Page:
This blog was originally published in February 2013
For all sorts of reasons horses and especially police horses have been in the news recently. Sadly, the news in both respects has not been good. We are either eating horse meat thinking that it is beef or we are seeing the demise of mounted police patrol units in many constabularies.
Whilst the former is being dealt with by the legal authorities the latter is a sad state of affairs for modern day policing. Throughout my policing career I saw the Merseyside Police Mounted Department as a huge asset to the force. I first came across them during my probationer training at the Merseyside Police stables in Mather Avenue. To demonstrate their ‘ability’ to move a crowd we had to line up across the stable and stand there whilst the horses charged at us. We would be told when to break the line and move out of the way. Needless to say we did not wait to be told and ran to the side almost as soon as they got into a trot!
The horses played a crucial part in policing major events including football matches and there were many occasions when I was grateful for their assistance in dealing with difficult crowds or individuals. Having to Premier League grounds their skills were used almost every week. They were able to safely move groups and individuals and in the event that someone was causing a problem they would usually desist when the police horse turned up. If they didn’t they were usually picked up by tthe collar and removed at a canter.
The police horses played a crucial role in the miners dispute in the 1980s and I recall leading a mutual aid team that included police horses to Dyfed Powis Police Force to assist them in dealing with Anti Nazi League and BNP demonstrations in Welshpool. The senior officer from Dyfed Powis told me that they did not have a mounted section and was not sure what to do with them. I told him to just post them to their patrol area and they would do ‘their thing.’ They loved them.
Mounted horse sections being used for patrol purposes are nothing new. In fact they pre-date the ‘new police’ of Peel.
Prior to the creation of the Metropolitan Police in 1829, Home Secretary, Lord Sidmouth, instituted what is perhaps the greatest police reform in 1821 with the creation of the ‘Dismounted Horse Patrol.’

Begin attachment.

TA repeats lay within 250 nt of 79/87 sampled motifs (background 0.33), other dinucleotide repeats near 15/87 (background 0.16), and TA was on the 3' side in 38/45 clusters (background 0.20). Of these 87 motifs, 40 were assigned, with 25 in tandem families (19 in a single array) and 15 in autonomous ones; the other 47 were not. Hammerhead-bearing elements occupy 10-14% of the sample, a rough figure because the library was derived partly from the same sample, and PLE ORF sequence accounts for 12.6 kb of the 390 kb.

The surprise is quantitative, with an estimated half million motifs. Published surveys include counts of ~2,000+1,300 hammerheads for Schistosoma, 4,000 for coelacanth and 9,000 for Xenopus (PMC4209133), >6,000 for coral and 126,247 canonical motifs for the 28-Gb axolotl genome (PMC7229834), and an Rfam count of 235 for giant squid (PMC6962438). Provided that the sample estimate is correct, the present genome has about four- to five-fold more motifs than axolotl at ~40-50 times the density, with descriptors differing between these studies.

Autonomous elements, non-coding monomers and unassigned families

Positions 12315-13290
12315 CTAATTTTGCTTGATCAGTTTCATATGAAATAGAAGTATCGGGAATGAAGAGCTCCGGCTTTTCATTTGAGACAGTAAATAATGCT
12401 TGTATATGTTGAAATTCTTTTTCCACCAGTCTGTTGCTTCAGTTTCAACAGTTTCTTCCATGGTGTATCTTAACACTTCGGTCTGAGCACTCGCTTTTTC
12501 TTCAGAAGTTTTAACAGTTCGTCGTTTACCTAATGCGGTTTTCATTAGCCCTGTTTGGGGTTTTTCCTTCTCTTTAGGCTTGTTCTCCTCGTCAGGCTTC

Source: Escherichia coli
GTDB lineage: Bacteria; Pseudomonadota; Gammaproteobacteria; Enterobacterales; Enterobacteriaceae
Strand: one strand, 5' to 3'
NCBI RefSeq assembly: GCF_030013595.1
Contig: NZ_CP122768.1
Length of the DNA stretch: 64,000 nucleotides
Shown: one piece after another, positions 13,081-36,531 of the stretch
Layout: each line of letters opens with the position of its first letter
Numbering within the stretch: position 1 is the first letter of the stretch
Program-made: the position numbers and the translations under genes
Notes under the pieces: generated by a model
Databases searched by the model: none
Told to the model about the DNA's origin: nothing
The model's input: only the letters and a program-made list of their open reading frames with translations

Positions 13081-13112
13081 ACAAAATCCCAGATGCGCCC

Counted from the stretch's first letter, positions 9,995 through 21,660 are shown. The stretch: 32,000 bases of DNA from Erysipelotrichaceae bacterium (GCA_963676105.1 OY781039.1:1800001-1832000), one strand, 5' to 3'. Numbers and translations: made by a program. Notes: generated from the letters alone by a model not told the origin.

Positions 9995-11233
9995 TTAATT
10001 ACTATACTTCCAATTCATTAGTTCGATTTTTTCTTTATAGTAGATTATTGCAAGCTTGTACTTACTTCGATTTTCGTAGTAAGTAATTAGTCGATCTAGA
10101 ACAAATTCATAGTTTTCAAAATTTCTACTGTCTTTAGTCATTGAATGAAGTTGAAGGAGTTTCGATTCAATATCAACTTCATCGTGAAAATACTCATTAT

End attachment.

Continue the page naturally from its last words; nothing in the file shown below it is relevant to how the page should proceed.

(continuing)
The quaintly named patrol in effect substituted for the Foot Patrol that, three months earlier had been withdrawn from the centre of London. Composed of 90 patrolmen, eight Sub-inspectors and four Inspectors, divided into four divisions, the Dismounted Horse Patrol patrolled nightly up and down the highways of London. Their beat extended for five miles from London with Mounted Patrol responsible for a jurisdiction from five to twenty miles from the city centre.
Horse Patrol recruits were required to serve first in the Dismounted branch, from which they may be promoted to the Mounted branch. The Dismounted force was apparently quite effective, apprehending 350 persons in its first nine months of existence. The combined Horse Patrol, Dismounted and Mounted branch was annually funded at £16,000 and formed the ‘strongest’ single professional force in the Metropolis before Peel’s new police came into being.
The irony of this is that while Peel himself died as a result of falling off a horse, the current Commissioner of the Metropolitan Police, Sir Bernard Hogan Howe, is a keen horse rider and has ridden police horses on patrol in Merseyside and in London.
So while the destiny of the police mounted section hangs in the balance in many constabularies, the mounted section in the Met, one would suspect, is safe for the time being.
From a public order and public relations point of view, the mounted sections are worth their weight in gold. I wonder if anyone has a small pot of gold that they can spare to ensure that this longest serving branch of policing will remain?